The battles in “Stormrise” look cool, but getting your units to the front requires some fancy stick-handling skills.

The battles in “Stormrise” look cool, but getting your units to the front requires some fancy stick-handling skills. (Sega)

"Stormrise" is a game I’d love to love.

The real-time strategy game from Sega offers an interesting story, good graphics, cool units and a great third-person-style view. However, it also offers "the whip" — a new style of control that left me feeling frustrated and very disappointed.

The M-rated game was developed by The Creative Assembly, the folks who also gave us the popular "Total War" series. It’s set in the distant future, following an environmental meltdown that sent some segments of the population scurrying underground into cryogenic hibernation and left others to fend for themselves on the surface. When the Echelon awoke from their sleep, they found that the Sai had adapted and learned to use the mysterious energy that had been unleashed by the cataclysm. The Echelon relies on technology while the Sai rely on unusual powers and mutant monsters.

Traditional strategy games offer a top-down view of the world. Whether playing on a console or PC, you select units with a cursor and then issue your orders.

However, "Stormrise" uses "the whip." In this system, you’re positioned just above and behind a specific unit. You can issue commands to that unit or switch to another. In the Xbox 360 version, this involves rotating the right stick so that a beam of light points to a specific unit or group of units. When you release the stick, you’re repositioned just above and behind that unit.

The system works pretty well when you’re controlling a handful of units. However, once you get more than six or seven units or groups, they tend to bunch up along that beam of light. It then becomes difficult to select the unit you actually want — especially if you’re under fire. You can waste precious time bouncing back and forth before you find the right unit.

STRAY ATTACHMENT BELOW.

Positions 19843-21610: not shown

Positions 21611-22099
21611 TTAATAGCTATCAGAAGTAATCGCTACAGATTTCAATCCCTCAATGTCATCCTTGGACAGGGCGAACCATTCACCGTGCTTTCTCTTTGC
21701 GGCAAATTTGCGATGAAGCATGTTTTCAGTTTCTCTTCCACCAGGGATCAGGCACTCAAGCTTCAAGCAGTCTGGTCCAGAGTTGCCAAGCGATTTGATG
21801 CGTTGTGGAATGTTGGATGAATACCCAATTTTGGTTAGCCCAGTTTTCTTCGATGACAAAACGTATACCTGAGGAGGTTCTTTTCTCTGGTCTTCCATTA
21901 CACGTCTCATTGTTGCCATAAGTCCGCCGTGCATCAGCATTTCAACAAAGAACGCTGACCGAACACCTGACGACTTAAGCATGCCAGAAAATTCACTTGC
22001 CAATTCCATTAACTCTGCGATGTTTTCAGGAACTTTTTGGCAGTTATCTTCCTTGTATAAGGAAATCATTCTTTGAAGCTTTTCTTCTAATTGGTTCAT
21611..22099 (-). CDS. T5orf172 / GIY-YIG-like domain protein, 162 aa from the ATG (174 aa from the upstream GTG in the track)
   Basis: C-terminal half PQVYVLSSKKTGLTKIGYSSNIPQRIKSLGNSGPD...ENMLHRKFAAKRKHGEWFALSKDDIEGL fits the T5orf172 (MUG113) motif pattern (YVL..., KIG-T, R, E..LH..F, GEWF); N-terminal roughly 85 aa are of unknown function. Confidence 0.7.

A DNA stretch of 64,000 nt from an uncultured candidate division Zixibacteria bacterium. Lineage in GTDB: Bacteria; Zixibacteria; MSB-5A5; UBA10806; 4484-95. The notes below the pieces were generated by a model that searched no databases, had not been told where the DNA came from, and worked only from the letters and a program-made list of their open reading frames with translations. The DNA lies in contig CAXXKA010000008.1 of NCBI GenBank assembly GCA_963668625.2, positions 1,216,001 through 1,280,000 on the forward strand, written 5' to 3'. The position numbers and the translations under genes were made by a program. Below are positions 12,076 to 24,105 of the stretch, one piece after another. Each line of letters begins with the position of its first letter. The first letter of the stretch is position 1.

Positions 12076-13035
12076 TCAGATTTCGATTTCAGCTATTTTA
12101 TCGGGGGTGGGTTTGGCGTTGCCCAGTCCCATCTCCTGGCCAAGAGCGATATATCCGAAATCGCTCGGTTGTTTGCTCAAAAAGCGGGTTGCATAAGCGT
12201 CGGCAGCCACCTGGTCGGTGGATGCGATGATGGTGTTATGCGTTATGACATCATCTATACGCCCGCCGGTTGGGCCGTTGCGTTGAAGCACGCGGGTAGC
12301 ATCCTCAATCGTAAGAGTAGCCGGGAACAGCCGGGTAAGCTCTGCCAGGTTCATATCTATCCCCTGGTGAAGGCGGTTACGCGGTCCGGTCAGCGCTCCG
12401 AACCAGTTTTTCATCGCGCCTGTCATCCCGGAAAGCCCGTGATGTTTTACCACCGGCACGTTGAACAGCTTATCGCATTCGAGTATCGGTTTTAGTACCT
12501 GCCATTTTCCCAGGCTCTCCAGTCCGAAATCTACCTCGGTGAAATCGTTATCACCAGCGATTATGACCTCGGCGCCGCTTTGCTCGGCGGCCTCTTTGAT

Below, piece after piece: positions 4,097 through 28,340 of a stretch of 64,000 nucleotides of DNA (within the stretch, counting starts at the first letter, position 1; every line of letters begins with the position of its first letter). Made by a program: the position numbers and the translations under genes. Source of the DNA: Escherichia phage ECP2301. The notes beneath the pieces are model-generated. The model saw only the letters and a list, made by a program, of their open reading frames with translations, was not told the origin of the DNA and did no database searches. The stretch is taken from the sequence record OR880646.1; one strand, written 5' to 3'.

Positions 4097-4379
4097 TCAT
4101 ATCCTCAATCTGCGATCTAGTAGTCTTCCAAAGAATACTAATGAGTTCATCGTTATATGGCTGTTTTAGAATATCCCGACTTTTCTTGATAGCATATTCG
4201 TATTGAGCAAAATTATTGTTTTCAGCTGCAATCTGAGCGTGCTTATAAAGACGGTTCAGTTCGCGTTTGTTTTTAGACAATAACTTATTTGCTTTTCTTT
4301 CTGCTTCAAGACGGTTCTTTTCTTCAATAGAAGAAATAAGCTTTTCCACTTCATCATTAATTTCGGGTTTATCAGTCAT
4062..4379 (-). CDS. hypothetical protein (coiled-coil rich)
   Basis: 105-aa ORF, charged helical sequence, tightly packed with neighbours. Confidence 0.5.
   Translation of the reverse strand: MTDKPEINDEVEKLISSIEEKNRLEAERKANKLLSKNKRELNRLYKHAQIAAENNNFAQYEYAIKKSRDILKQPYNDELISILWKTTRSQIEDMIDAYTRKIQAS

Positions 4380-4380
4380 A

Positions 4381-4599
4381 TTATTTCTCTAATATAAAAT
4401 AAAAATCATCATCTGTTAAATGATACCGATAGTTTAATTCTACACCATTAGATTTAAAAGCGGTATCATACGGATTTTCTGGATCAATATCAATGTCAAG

You also can use a three-dimensional map to select units, but that requires using the D-pad to navigate through groups of icons that all look too similar.

Aside from the control issue, the game actually has a lot to offer.

The same third-person view that makes control difficult is enthralling from a visual standpoint. You feel immersed in the action and in the richly detailed post-apocalyptic landscape. The units look good, too, whether they’re standard-issue infantry or gigantic rift worms or energy-wielding sirens.

Unlike some other RTS games, "Stormrise" doesn’t force you to build and maintain bases. All you have to do is capture and upgrade control nodes that allow you to collect warp energy.

In the campaign, you play as a commander who has awakened to find the conflict raging around you at full tilt. The story line, missions and challenges are pretty interesting — though the dialogue is a bit cheesy at times.

You can also engage in skirmishes against up to seven artificial-intelligence opponents or battle human opponents online.

As much as I enjoyed some elements, I couldn’t get past the control scheme. Although an interesting concept, the whip would have worked much more effectively if the scale of the battles had been kept small — say, a max of 10 units on each side.

Platforms: Xbox 360 (tested), PlayStation 3, PC

On the

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